After leaving the scene of the transaction, Straughter contacted the police drug unit. The police then went to the Erby residence. When they entered the residence, the police found Rinehart in the process of injecting himself with cocaine. A subsequent search revealed 2.28 grams of cocaine in Rinehart's hat. Rinehart was charged in a sixcount indictment with conspiracy to distribute cocaine, in violation of 21 U.S.C. § 846; two counts of distribution of cocaine, in violation of 21 U.S.C. § 841(a); two counts of distribution of cocaine within 1000 feet of a school, in violation of 21 U.S.C. # 8E8E # 841(a) (1), 845(a), and 18 U.S.C. § 2; and possession with intent to distribute cocaine in violation of 21 U.S.C. § 841(a) (1) and 18 U.S.C. § 2.
At trial, the government presented the testimony of Straughter and Erby, among others. Rinehart testified in his own defense, denying that he had ever sold crack. He admitted, however, that he was a crack cocaine user. The jury returned a verdict of guilty on all charges.
Shortly after Rinehart's conviction, but before his sentencing, an unrelated investigation led to the arrest of an Andre Brown, an acquaintance of Rinehart's from the Charleston community. Shortly after his arrest, Brown offered to testify against Rinehart in exchange for a lenient treatment by the prosecution. Under the deal offered by the prosecution, Brown was charged with possession of .58 grams of crack but was not charged, as he might have been, with possession, distribution, or conspiracy charges associated with the fact that he had transported at least seven ounces of cocaine across state lines nor with carrying a loaded weapon in the course of a drug transaction. Brown's exposure for the minimal charges ultimately brought against him was approximately two years.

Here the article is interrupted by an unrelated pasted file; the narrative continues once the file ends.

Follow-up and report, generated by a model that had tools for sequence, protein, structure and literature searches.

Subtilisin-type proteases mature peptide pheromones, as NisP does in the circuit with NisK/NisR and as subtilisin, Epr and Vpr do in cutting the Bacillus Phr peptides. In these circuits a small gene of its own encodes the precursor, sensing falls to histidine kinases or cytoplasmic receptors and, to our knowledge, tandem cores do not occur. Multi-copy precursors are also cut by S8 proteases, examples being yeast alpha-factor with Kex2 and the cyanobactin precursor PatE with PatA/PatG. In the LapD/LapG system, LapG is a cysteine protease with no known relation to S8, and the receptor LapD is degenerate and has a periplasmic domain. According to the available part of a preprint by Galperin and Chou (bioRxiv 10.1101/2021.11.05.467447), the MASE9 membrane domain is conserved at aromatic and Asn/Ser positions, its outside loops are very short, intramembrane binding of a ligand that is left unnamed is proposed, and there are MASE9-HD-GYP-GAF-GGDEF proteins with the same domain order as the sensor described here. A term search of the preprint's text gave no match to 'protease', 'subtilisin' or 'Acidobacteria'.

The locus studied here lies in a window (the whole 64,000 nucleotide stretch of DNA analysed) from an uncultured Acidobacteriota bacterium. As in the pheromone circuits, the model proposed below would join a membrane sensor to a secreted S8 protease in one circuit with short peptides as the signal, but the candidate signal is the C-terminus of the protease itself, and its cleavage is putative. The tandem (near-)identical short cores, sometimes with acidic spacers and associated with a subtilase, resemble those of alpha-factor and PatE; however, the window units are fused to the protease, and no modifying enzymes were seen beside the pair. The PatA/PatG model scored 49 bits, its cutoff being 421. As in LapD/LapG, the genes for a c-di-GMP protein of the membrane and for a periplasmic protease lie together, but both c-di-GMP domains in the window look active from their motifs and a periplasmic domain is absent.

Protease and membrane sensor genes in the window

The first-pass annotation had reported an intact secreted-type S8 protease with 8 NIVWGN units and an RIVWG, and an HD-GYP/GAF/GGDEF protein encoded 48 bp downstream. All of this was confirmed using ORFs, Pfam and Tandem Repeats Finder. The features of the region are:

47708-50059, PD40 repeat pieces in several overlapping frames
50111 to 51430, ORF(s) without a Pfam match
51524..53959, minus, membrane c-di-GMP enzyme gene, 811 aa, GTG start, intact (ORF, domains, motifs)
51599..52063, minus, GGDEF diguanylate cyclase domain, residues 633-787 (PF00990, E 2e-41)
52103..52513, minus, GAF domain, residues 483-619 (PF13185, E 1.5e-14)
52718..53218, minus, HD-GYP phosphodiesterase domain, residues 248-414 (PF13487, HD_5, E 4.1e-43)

Thereafter, at Rinehart's sentencing hearing, Brown testified that he met Rinehart in July 1989 when Brown and Rinehart's brother brought a quantity of cocaine powder to Charleston from Maryland. Brown stated that Rinehart then converted the powder to cocaine base and distributed the product. Brown further testified that on three occasions he and Rinehart had travelled to Cleveland to purchase cocaine, returned to Charleston, and converted it to crack. He testified that he and Rinehart had brought a total of about seven ounces of cocaine into Charleston from Cleveland on three occasions. He did not give the dates on which these trips had occurred, other than to say that the last one had occurred a week or two before Rinehart's arrest. Although he admitted that he had not actually seen Rinehart do so, Brown claimed that Rinehart converted the cocaine to crack. He also stated that Rinehart distributed some of this crack.